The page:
"In Korea, I did not really need to defend, I could just attack and score goals so it was never a problem. When I played on the European stage, initially that was my weakness, not doing the defending. Actually, that was the main reason why I did not play more at Salzburg at first. However, I overcame it and in the end, it has become my strength."
It earned him a transfer to RB Leipzig in the summer of 2020, the expectation being that Salzburg's sister club would be the ideal place for him to adapt to the Bundesliga.
It was not a success. Hwang suffered from COVID-19 early in his stay, telling his then coach Julian Nagelsmann that he felt "almost dead" for a week. While he recovered from the virus, it made for an awkward start and the chance to shine never really came his way.
"I was in good condition but for some reason, I do not know why, I did not have the opportunity to play more," he explains. "Even if I did it was only for 10 or 15 minutes. It kept going like that and it caused my spirits to go down a bit."
Hwang was involved in 18 of Leipzig's final 23 games of last season, but started only four. Leipzig were careful to manage his minutes, not giving him more than an hour until May, but for Hwang himself that clearly remains a source of frustration.
"Obviously, during the time that I had COVID-19 I was really sick," he adds.
"But when I got better my condition was actually far better than before so I was in good shape and I knew that I could have played well. But after three or four months, they kept telling me that the reason I was not playing was still because of COVID-19.
"That is what I did not understand because I felt even better after COVID-19. They just kept making that excuse. I was helpless because I was ready, I was preparing well, but they just kept giving me the same excuses. As a player, there was nothing I could have done."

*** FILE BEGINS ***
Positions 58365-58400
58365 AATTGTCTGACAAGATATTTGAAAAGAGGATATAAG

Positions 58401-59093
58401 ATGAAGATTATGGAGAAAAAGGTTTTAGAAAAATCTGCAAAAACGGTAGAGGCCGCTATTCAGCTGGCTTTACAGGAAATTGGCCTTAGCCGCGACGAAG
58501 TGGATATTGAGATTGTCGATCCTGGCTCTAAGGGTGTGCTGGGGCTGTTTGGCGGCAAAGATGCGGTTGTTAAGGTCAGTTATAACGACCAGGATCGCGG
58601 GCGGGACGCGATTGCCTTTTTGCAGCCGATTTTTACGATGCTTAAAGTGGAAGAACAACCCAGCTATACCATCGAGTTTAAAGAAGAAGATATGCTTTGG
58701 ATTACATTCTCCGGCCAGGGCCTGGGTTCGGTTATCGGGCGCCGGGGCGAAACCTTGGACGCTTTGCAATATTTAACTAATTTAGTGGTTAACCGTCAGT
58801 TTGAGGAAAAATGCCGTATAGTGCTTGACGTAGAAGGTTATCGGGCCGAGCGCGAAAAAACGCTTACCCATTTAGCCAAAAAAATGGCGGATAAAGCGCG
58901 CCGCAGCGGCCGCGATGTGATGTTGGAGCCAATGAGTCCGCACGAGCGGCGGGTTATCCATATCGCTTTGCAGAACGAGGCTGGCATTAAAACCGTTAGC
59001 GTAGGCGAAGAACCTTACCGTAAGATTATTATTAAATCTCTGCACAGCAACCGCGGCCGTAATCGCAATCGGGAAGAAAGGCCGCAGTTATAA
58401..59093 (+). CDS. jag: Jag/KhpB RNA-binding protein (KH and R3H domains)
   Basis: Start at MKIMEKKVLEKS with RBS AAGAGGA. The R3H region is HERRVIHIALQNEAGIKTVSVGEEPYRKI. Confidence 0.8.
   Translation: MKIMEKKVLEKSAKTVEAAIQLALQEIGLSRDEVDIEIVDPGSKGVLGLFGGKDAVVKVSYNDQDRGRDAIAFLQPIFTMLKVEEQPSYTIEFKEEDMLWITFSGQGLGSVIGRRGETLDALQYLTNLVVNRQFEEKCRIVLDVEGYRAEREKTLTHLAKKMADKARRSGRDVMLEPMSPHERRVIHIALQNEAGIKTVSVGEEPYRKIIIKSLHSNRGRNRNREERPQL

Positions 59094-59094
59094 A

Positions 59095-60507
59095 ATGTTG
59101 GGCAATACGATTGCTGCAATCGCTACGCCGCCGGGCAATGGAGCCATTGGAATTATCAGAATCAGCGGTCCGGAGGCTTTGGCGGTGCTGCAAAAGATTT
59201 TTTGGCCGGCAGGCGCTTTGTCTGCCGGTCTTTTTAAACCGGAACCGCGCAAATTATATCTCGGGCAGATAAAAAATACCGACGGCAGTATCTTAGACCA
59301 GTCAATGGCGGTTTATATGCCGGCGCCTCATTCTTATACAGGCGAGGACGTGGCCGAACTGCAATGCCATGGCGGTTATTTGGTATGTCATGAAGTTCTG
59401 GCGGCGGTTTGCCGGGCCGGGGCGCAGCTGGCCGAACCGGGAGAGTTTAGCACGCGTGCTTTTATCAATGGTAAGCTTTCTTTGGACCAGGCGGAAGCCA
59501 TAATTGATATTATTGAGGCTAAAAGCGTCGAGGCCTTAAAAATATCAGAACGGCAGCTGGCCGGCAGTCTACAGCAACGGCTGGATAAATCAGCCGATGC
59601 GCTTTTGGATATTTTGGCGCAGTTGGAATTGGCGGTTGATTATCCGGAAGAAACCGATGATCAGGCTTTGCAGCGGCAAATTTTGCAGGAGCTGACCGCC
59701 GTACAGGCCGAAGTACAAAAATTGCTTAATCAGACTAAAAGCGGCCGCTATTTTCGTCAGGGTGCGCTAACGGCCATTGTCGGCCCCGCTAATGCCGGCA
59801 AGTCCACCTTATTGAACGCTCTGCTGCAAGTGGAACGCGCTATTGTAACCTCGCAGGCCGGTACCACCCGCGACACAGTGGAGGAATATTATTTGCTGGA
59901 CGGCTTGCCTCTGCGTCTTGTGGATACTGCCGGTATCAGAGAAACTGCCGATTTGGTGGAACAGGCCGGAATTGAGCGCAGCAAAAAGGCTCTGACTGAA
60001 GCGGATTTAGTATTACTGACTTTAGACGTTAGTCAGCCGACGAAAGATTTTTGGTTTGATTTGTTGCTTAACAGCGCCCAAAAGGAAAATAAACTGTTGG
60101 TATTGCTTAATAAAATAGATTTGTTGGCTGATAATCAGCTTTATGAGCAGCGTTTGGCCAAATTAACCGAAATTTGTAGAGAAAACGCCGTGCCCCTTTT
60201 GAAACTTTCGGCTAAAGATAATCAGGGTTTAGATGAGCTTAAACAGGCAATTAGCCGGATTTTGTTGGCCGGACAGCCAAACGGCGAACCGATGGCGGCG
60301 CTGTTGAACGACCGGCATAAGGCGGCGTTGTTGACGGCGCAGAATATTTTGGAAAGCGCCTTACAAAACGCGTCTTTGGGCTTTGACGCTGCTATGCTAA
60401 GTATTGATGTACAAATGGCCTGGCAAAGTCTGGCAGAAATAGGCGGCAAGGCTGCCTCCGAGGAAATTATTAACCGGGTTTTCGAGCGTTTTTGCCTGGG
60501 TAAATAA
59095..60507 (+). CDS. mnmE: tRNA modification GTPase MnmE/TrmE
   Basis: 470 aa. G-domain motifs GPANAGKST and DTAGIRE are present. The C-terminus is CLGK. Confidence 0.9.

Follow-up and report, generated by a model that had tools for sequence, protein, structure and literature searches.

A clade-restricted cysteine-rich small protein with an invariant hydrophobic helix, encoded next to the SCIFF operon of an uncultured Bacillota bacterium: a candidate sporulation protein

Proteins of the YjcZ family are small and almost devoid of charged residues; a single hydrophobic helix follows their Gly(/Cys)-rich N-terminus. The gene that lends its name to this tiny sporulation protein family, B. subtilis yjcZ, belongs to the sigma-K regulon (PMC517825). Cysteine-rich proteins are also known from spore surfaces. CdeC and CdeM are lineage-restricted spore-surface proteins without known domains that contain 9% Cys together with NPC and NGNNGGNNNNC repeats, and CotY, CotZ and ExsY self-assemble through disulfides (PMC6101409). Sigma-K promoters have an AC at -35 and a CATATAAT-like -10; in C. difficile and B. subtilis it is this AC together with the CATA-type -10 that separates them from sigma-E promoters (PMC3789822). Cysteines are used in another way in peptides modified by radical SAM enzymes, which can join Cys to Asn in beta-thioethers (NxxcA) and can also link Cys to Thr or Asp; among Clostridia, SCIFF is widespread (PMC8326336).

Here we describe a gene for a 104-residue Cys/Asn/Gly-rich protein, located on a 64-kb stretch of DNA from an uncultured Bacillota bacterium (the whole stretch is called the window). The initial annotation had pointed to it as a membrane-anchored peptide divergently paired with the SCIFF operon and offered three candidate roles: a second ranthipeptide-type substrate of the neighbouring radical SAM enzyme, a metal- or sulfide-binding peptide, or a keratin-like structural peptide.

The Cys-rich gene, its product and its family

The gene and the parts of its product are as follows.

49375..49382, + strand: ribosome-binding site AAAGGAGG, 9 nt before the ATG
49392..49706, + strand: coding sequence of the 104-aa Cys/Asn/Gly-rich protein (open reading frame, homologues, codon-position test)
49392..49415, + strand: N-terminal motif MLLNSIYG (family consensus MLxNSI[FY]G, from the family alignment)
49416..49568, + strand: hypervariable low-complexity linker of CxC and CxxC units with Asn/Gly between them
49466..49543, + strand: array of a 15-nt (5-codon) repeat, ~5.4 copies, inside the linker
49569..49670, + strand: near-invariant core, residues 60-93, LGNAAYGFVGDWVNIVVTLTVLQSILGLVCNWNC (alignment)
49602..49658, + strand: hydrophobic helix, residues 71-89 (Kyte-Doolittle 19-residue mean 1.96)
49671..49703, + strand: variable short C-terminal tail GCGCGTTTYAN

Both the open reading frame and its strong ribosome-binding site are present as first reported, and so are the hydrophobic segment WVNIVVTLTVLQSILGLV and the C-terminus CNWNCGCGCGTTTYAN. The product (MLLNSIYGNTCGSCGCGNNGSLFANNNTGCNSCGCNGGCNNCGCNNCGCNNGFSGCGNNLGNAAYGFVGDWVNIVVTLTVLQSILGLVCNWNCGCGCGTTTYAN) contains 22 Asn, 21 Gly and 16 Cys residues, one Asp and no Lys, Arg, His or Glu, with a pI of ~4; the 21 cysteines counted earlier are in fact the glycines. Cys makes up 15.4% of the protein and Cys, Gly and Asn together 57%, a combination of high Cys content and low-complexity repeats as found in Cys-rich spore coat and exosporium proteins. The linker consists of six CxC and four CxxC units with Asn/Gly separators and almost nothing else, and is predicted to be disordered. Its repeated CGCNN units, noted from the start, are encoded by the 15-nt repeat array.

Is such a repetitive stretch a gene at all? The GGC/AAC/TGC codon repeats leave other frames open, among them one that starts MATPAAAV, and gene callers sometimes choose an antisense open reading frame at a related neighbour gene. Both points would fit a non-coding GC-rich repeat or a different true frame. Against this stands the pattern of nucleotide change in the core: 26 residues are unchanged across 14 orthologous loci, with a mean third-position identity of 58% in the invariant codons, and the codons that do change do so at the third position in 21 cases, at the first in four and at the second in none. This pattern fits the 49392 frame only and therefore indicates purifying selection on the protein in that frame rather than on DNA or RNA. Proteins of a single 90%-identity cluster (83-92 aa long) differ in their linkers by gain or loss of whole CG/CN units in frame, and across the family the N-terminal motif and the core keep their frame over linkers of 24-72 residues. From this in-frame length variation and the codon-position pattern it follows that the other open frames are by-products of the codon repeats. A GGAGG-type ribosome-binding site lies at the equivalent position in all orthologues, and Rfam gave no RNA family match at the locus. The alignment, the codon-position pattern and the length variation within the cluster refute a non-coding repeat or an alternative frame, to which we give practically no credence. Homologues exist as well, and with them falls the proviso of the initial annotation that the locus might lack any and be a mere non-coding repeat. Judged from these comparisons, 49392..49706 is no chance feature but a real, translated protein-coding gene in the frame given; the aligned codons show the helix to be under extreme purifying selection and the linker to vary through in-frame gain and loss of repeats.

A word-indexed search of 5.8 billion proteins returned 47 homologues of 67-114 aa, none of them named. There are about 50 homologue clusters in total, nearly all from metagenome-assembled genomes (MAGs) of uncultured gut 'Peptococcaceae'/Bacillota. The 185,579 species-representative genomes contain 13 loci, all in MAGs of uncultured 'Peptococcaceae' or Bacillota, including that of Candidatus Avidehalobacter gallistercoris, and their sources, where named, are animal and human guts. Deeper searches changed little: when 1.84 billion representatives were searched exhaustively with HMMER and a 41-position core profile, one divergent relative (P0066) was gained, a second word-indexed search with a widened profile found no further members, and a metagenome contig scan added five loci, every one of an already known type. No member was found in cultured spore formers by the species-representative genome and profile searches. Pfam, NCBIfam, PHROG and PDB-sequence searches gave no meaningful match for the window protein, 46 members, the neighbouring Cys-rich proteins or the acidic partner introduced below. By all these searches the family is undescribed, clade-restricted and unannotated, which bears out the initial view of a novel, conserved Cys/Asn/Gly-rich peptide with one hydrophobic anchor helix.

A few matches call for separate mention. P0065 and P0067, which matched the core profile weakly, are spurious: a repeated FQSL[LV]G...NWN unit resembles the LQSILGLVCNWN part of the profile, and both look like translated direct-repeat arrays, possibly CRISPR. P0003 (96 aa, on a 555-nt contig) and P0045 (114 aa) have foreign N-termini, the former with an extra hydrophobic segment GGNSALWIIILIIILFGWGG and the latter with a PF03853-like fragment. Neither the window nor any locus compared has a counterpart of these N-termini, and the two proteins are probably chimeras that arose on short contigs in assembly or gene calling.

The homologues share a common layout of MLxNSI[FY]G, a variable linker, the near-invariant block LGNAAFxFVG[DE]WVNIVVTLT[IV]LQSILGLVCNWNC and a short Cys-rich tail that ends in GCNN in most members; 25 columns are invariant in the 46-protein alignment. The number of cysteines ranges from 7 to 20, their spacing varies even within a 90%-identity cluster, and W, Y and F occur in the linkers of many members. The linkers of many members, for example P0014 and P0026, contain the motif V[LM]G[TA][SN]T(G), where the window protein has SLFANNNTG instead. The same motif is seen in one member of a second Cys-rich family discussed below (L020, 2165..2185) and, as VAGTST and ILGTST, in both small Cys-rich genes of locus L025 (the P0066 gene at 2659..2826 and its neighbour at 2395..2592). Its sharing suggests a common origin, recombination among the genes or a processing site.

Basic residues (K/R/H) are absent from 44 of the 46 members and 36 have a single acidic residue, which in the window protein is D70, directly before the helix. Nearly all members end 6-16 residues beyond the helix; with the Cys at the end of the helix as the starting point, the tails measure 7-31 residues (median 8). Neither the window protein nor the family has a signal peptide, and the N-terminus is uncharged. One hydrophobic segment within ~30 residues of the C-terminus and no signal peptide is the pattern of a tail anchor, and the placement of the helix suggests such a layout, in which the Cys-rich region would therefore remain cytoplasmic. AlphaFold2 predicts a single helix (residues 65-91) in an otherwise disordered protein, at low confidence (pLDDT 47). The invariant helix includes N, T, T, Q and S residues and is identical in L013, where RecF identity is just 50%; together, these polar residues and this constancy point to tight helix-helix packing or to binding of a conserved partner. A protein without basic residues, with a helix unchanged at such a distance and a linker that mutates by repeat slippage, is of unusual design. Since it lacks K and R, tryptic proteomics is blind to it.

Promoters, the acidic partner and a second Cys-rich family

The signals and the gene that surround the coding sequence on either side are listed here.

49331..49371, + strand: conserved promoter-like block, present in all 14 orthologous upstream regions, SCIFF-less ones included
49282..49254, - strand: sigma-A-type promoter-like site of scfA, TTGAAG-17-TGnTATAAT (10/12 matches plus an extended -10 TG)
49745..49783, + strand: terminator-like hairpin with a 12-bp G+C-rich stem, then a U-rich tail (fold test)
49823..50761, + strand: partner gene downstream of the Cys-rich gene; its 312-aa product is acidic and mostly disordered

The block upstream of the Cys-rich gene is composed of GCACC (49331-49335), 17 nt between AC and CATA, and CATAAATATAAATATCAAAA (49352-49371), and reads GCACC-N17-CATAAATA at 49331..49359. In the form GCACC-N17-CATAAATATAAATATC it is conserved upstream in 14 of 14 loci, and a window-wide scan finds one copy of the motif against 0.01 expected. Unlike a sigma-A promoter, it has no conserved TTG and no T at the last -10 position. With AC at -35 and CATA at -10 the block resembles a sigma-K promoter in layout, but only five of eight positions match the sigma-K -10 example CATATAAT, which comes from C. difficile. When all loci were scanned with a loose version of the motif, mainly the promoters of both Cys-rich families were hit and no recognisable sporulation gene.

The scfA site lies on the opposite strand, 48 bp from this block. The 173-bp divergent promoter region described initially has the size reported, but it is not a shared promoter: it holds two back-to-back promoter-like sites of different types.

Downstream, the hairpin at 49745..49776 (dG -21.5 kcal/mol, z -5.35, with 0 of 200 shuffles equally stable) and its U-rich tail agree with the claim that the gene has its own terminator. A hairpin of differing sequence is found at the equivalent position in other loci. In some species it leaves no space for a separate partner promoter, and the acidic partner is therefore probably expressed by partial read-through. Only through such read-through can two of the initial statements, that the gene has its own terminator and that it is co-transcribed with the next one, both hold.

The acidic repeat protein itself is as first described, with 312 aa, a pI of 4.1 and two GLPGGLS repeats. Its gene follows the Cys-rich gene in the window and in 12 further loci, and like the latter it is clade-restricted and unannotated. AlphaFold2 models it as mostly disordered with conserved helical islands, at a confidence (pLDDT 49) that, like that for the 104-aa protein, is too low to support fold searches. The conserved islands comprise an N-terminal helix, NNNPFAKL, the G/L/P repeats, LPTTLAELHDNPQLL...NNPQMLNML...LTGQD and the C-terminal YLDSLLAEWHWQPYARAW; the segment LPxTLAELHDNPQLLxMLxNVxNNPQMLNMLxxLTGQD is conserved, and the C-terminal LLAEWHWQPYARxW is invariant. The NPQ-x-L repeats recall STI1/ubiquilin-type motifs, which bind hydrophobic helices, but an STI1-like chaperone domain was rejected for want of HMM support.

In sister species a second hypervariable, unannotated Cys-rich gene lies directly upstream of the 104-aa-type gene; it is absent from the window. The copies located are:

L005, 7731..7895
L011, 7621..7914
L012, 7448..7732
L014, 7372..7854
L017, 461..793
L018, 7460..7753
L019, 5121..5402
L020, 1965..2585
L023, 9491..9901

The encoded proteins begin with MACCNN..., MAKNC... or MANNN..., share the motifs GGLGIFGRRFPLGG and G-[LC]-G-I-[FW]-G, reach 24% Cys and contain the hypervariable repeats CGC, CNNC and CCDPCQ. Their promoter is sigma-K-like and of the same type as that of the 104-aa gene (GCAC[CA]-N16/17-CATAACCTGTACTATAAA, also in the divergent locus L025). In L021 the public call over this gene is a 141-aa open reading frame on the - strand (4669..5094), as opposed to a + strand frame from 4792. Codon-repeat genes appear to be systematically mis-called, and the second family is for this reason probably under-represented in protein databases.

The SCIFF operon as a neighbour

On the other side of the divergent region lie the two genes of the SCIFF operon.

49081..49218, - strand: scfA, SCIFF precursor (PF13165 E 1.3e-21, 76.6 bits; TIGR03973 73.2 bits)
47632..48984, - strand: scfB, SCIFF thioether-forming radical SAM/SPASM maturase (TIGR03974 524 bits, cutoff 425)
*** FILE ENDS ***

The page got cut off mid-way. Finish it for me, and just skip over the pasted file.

Wolves could take advantage of the fact that he feels this is a belated chance to impress in a big league. Supporters were annoyed that Lage was not given more reinforcements late in the window but everyone is happy with Hwang, his versatility already an asset.
Against Watford, he replaced Francisco Trincao on the left wing, making that run from out to in that other wide forwards at Wolves must add to their game. Hwang has that instinct.
Against Brentford, he came on as a No 10 behind Raul Jimenez, impressing again. Lage has spoken of his ability "to find space in between the lines and link the game more with Raul" and there was one flicked nutmeg inside the box that had the crowd on their feet.
"I think Bruno Lage mainly wants me to play as a left winger," reveals Hwang. "However, he is trying to give me lots of freedom in terms of position, allowing me to go to centre-forward or the wings, playing in whatever position that I need to be."
He has set no targets this season. "I don't think too far ahead, I just focus on the next game." And there are 306 reasons why he will never be Wolverhampton's favourite Bull. But Hwang Hee-chan has made a fine start. Maybe Wolves will go on a charge soon.